Pick Up by Charles Willeford
In the opening scene of Charles Willeford’s Pick Up, counterman Harry Jordan is wrapping up a long day’s work in a San Francisco diner in the early 1950s. One last customer straggles in around 1:00 a.m. Helen Meredith is drunk, seeking a cup of coffee. She’s well dressed and obviously better off than Harry, who lives in a boarding house and has trouble keeping a steady job.
When it’s time to pay for her coffee, Helen confesses she’s lost her purse and doesn’t have a dime. Harry pays for her coffee and the two leave together to retrace her steps through the bars in search of the lost purse. As they walk, Harry confides to himself, “Gin was my weakness, not women, but with a creature like her… well, it was enough to make a man think.”
So far, the setup sounds like a typical noir. At the first bar, when they make their formal introductions, Harry tries to warn her off.
“My name is Harry Jordan,” I said solemnly. “I’m thirty-two years of age, and when I’m not working, I drink.”
Her laugh closely resembled a tinkering bell. “My name is Helen Meredith. I’m thirty-three years old and I don’t work at all. I drink all of the time.”
The two spend the next few days barhopping, and finally, at a club one night, they have a real heart-to-heart. Harry again tries to warn her off.
“I’m pretty much of a failure in life, Helen. Does it matter to you?”
“No. Nothing matters to me.”
When she gets up to go to the restroom a minute later, Harry notes:
It wasn’t easy for her to hold her feet, and she had had more to drink than I’d had. I watched her affectionately as she picked her way across the dimly-lighted room. She was everything I ever wanted in a woman.
That line comes off as darkly funny, as Harry realizes he’s found a woman who can truly understand him because she’s sunk as low as he has. No one can really undestand life at rock bottom unless they’ve been there.
This is where the book diverges from the traditional noir formula of the femme fatale seducing a man to his destruction.
Willeford takes a hard look at the lives of two people who don’t fit into post-war American society. Helen was bred in high society to be the wife of a wealthy man. Harry had an artist’s temperament and sensitivity and wanted to paint. What happens to those people when the fate they were supposedly born for doesn’t work out? What happens if their desires persist but can find no outlet?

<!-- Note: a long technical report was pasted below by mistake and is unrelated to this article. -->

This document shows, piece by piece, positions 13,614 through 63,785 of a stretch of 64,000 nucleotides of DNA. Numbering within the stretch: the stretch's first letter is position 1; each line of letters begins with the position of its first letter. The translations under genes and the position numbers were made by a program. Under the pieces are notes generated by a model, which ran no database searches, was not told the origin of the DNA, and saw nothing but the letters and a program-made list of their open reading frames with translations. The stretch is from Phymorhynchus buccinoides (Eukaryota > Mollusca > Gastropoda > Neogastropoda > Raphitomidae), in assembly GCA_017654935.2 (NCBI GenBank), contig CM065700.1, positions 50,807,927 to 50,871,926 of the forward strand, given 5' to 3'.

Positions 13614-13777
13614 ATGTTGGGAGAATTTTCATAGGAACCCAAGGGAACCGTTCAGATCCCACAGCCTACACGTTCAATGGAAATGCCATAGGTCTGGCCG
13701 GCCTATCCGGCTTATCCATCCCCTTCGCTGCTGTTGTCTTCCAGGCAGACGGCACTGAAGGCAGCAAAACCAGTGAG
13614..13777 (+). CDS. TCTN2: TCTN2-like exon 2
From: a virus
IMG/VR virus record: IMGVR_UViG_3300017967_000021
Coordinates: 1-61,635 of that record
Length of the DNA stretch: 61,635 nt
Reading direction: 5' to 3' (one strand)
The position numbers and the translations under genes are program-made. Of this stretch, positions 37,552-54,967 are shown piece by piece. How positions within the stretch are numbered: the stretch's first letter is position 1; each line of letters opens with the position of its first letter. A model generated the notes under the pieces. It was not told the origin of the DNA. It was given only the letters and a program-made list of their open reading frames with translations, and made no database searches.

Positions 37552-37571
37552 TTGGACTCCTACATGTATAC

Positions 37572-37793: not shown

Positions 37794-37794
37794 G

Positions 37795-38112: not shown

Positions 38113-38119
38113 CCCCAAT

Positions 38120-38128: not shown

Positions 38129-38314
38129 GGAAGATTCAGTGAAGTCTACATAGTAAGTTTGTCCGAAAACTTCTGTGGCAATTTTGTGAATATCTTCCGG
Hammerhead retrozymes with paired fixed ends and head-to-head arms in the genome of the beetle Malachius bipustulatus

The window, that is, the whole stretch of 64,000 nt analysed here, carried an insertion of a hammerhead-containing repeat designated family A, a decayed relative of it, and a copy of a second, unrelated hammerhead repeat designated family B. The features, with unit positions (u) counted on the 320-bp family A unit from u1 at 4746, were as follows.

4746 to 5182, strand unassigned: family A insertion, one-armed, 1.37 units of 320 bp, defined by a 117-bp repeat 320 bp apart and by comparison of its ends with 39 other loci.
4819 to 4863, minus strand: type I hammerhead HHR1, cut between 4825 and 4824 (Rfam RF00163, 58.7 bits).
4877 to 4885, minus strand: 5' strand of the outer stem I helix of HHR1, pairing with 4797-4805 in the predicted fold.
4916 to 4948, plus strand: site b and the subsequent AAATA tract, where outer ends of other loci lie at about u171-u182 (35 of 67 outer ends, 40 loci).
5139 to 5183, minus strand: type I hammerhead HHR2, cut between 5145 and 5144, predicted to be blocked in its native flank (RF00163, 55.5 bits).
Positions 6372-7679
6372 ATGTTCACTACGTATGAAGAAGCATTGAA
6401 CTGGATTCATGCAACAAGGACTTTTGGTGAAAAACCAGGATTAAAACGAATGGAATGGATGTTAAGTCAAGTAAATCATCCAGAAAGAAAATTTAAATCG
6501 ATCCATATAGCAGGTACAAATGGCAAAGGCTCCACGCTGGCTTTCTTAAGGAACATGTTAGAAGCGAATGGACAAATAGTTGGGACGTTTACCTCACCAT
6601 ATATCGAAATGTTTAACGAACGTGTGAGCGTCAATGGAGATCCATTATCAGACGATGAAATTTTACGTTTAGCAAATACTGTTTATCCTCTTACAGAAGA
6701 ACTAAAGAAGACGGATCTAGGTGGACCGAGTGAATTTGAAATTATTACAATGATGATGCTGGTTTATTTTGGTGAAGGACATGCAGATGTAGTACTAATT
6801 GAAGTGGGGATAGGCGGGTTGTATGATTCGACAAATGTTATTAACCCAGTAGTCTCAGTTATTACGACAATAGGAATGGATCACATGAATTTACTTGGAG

As Harry tells it, “Without art as an emotional outlet I turned to drinking as a substitute and I’ve been drinking ever since.”
To their credit, both characters are fully aware of who they are and how they’re living. Both seek help, even at the expense of doubt and humiliation. Addicts who are honest with themselves see the world without veneer, and that’s what we get through the eyes of Harry Jordan. Some of it comes of as despairing, but much of it is a valid indictment of a society that chose to focus on the pursuit of material wealth while neglecting the social, spiritual, and emotional wellbeing of its citizens.
As he recounts his life, we see that Harry’s descent was not the result of any great trauma, but simply an accumulation of frustrations and disappointments. When a psychiatrist asks him why he was fired from his job teaching art, Harry says:
Painting can’t be taught, Doctor. Either a man can paint, or he can’t. I felt that most of the students were being duped, cheated out of their money… In my spare time I talked to some of the more inept students and persuaded them to quit painting and go into something else. Somehow, the school didn’t like that. But I was only being honest. I was merely balancing the praise I gave to the students who were good.”
Pick Up isn’t a particularly light read, but it’s a good one that takes a hard, honest look at the challenges of those on the bottom rungs of American society. The book is a cult classic because the world it so accurately describes persists to this day. Swap out alcohol and San Francisco for opioids and rural America, you’ll find that, for many people, the nature of trouble hasn’t changed.